The Fifty in alphabetical order.
Below, is a short biography of each of the Fifty. It is evident that many of them went to the same school or church or worked at the same place as each other. Others grew up together, were related in some way or lived in the same street. There were at least four sets of brothers. Full biographies can be found in the book Fifty Good Men and True or you may contact us to receive a full copy of their information. If you are aware of any alterations that need to be made or can supply photographs, please let us know.
George. T. Andrews
George was born in December 1894 in Ravenstone. He was employed as a miner at nearby Ibstock Colliery. George enlisted at Coalville in mid-August 1914 into the Fifth (1/5th) Leicestershire Battalion. On his final leave in early 1915 before embarking for France, George’s last words to his distraught parents before he boarded the train at Coalville Station were: “I will do my best to avenge my brother’s death”. His brother had already been killed in the first onslaught. George was to spend nearly five months on the Western Front, as a private soldier in ‘B’ Company until his death, being killed instantly on the 23rd July 1915, aged twenty years. “It is with much regret that I have to write to tell you of the loss of your son Private George Andrews on Friday night last. The enemy exploded a mine immediately under the trench where your son was standing. Every search has been made for him but unfortunately we have been unable to find him, and this will always be the case. We shall erect a cross where your son was last seen. George’s name can be read on the War Memorial in Ravenstone Churchyard.
Walter Saddington Baker
Walter was born in Coalville on the 5th November 1889. He was educated in Coalville and grew to be a very able and intelligent young man. He was teaching administration skills to others at the age of 14 and also taught piano and organ, which he mastered at a relatively young age. Upon leaving school he took up the position of costing clerk at Stableford’s Wagon Works, Coalville, and continued his studies to become a draughtsman by means of a correspondence course. Walter enlisted at Coalville in mid August 1914 into the Fifth Leicestershire Battalion. Major Baker, above was his first cousin. His sharp-mind was soon noticed and he was sent to Aldershot to familiarise himself with various military techniques and methods. Walter departed Liverpool Docks on the 21st May 1915 aboard H.M.T. ‘Mauritania’ headed for the Mediterranean. He was soon promoted to the rank of Staff Sergeant. After his first leave of war in 1918, Walter returned to the Western Front and assisted in the final push for victory. Walter was very proud as 155 Brigade led the ceremonial entry parade into Mons, Belgium, on the 15th November 1918; it was the same town that the initial conflict had started in 1914.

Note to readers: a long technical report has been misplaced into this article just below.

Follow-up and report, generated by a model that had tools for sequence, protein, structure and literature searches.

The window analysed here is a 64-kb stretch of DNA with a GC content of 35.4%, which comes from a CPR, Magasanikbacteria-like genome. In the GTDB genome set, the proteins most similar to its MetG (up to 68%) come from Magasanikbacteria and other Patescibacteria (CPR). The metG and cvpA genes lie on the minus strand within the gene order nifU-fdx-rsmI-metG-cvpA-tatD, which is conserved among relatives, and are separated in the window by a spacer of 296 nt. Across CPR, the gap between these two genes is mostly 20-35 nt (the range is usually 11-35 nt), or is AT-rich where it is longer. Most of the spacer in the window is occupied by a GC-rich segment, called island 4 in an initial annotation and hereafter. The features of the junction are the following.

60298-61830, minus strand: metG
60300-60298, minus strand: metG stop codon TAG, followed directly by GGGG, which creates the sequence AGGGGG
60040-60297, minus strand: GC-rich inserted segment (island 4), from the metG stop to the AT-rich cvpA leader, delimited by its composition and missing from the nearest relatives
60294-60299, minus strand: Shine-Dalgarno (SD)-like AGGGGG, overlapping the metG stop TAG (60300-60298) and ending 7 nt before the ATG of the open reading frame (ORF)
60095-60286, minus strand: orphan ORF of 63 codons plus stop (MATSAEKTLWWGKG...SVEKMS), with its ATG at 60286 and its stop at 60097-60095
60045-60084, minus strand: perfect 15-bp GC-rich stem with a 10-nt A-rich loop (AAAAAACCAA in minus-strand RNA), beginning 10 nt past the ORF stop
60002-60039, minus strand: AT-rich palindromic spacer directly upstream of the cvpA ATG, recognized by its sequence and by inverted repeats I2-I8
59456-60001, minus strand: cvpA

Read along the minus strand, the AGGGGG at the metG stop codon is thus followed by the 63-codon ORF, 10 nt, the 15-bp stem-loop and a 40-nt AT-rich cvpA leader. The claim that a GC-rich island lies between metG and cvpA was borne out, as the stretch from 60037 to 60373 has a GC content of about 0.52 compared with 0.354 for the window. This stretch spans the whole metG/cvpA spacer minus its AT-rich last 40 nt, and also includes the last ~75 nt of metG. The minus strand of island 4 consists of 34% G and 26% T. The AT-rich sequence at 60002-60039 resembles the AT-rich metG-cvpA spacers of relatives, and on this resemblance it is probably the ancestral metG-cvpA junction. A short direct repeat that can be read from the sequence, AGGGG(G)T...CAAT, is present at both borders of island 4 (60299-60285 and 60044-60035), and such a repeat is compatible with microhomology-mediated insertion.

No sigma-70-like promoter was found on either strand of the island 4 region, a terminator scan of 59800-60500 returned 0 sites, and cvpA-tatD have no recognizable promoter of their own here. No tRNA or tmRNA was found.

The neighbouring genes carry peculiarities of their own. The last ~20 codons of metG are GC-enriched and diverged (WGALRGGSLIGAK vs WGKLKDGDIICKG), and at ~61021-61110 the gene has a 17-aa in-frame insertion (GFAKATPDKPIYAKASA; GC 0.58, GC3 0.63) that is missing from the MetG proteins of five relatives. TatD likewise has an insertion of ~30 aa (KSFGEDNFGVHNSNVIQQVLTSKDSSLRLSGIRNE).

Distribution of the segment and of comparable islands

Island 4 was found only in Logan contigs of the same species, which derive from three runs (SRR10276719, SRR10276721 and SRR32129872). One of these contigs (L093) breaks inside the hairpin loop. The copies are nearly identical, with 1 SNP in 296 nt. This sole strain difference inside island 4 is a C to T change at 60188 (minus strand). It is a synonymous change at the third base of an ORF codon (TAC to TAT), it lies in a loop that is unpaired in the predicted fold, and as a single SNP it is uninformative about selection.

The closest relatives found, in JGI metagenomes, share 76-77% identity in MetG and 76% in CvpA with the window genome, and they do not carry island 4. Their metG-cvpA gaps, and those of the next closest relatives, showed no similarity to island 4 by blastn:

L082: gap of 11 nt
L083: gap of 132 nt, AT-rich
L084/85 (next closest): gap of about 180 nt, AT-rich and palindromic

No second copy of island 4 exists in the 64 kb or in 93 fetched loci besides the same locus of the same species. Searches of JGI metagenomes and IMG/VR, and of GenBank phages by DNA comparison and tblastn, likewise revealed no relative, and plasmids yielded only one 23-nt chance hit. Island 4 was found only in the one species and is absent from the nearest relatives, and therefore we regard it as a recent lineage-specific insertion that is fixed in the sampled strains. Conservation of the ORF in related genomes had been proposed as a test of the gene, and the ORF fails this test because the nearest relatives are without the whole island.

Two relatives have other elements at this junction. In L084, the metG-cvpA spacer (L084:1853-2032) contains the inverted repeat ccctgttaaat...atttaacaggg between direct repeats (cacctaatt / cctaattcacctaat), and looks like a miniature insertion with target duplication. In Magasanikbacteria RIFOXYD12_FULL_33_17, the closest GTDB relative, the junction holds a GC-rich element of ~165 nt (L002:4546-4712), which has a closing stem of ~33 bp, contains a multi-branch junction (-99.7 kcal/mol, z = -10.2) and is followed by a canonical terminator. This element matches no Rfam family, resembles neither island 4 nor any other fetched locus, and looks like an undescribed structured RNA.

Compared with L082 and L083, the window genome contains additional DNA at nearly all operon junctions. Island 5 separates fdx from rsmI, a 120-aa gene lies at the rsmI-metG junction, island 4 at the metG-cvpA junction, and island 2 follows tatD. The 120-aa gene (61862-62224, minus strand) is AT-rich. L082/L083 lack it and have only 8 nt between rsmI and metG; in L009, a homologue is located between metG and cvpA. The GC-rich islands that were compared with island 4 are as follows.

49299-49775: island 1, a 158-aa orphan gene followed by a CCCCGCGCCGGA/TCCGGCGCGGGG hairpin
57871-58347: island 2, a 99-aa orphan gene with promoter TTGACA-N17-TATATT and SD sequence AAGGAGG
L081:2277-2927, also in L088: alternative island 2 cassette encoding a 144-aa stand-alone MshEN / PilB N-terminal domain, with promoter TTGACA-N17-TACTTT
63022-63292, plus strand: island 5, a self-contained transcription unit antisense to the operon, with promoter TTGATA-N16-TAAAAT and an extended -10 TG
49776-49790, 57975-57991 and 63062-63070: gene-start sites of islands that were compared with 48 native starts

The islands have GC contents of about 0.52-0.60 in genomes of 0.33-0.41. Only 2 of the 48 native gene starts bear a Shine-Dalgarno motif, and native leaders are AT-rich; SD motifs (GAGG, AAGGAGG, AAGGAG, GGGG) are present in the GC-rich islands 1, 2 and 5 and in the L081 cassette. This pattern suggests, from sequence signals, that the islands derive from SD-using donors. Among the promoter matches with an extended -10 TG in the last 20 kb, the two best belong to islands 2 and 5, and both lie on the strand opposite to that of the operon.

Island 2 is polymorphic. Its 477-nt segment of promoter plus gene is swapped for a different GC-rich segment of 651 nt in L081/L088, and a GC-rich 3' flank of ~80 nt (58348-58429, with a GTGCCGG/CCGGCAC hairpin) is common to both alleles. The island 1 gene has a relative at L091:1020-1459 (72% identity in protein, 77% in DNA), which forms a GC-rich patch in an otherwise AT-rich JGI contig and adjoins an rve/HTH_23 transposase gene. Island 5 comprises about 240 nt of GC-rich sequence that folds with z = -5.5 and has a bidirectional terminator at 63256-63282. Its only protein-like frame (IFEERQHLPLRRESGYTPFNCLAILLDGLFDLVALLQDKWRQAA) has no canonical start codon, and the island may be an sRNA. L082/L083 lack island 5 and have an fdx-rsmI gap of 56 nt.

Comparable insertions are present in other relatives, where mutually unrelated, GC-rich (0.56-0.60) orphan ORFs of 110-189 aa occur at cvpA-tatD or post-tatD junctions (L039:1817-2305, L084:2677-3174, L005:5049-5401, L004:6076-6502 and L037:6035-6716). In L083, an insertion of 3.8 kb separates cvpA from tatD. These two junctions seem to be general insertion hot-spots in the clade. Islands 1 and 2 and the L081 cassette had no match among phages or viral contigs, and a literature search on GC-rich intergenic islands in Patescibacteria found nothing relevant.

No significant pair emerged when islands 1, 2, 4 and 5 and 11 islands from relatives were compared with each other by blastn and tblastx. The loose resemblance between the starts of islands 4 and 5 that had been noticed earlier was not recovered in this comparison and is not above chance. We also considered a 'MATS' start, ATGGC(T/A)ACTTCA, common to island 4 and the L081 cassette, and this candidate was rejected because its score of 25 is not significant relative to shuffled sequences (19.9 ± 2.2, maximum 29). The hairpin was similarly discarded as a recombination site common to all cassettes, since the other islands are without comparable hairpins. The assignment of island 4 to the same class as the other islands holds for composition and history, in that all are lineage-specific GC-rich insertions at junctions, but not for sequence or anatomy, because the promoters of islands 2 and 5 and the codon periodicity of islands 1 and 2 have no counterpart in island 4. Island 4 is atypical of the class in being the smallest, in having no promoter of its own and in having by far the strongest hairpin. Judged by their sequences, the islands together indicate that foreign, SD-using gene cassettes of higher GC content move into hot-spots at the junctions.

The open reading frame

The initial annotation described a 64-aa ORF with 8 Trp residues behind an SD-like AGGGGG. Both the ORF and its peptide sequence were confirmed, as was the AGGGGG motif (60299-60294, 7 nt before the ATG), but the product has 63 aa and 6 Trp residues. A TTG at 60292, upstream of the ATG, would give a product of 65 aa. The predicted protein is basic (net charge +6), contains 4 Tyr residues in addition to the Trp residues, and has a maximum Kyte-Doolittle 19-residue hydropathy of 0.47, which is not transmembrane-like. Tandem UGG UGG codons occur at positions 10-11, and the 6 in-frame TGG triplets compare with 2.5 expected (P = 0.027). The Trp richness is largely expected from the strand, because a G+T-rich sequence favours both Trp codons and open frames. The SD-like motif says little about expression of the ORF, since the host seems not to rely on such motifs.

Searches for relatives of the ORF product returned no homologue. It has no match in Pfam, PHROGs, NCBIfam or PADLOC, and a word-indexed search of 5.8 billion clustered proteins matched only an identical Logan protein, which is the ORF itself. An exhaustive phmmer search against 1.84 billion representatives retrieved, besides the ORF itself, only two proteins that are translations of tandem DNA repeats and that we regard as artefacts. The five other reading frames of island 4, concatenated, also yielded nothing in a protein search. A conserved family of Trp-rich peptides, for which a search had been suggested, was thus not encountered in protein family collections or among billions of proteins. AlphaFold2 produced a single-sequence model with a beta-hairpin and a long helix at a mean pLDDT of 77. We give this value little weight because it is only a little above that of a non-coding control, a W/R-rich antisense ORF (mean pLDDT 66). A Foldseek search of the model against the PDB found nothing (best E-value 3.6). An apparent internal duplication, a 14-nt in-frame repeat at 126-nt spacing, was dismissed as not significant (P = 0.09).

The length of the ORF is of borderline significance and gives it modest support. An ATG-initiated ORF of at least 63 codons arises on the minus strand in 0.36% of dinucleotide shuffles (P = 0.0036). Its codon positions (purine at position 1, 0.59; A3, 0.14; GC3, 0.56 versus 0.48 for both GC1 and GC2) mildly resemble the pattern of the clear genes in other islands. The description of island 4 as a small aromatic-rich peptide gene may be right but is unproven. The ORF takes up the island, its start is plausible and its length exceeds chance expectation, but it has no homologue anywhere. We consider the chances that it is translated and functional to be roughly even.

After assisting in the wind-down of regimental affairs he was finally demobbed in February 1919. His outstanding contribution to the war-effort deservedly earned a Meritorious Service Medal and a ‘Mention in Despatches’.
James was born in the 1890s in Thringstone, a village two kilometres north of Coalville. He lived on John Street. James enlisted at Coalville in mid-August 1914 into the Fifth Leicestershire Battalion. He was wounded in 1915, treated in France and hospitalised in England, and upon recovery was reallocated to the 8th Leicestershire Battalion (110th Brigade of the New Army). The Battalion was in trenches at Epehy on the Cambrai Sector of France when the Germans launched their huge Spring Offensive on the 21st March 1918. Throughout the day the battle raged in Epehy, hand-to-hand fighting from one street to the next, with ruined houses and cellars proving excellent cover for both sides, especially snipers. As the cover of night descended, the enemy launched another heavy barrage to prevent allied reinforcements from reaching the battlefront. It is no longer possible (if ever) to learn what happened to Private James Bancroft (2564-240636) who lost his life on that day. James’s name is remembered on the War Memorial Plaque in St. Andrew’s Church.
Cecil Thomas Beadman
Mr & Mrs Thomas Beadman and their sons moved into the area from East Grinstead in Sussex. Cecil was their first-born son in 1895. He studied at evening classes and passed Board of Education Examinations in Drawing. Due to his exceptional ability and efforts, Cecil was employed as a draughtsman in the drawing office of Wootton Brothers, an internationally known iron-works company. Samuel Boot Snr – the father of Sam Boot (another of the first fifty) worked on a lathe for the same company. Mrs Beadman died suddenly in July 1914, and in the middle of the following month Cecil enlisted at Coalville into the Fifth Leicestershire Battalion. On the night of the 14-15th May 1915, Cecil was in a large party of battalion-men digging a much-required new trench at Zillebeke in the Ypres Salient. The War Diary states: “All digging records were broken as a consequence of enemy fire”. The Germans could hear the digging and randomly raked the inky-dark area with machine-gun fire. Cecil (2566) was killed by a burst of bullets and died instantly. The Coalville Times of the 28th May 1915 confirms the death of a ‘Hugglescote Territorial’ and the detail about him being one of the first fifty. Cecil was just twenty years of age. Cecil is buried near to his best pal, Sam Boot, at Lindenhoek Chalet Military Cemetery, just to the south of Kemmel. Cecil’s name can be read on the Coalville Clock Tower Memorial, and also on a tablet in St. John the Baptist Church, Hugglescote.
John George Bennett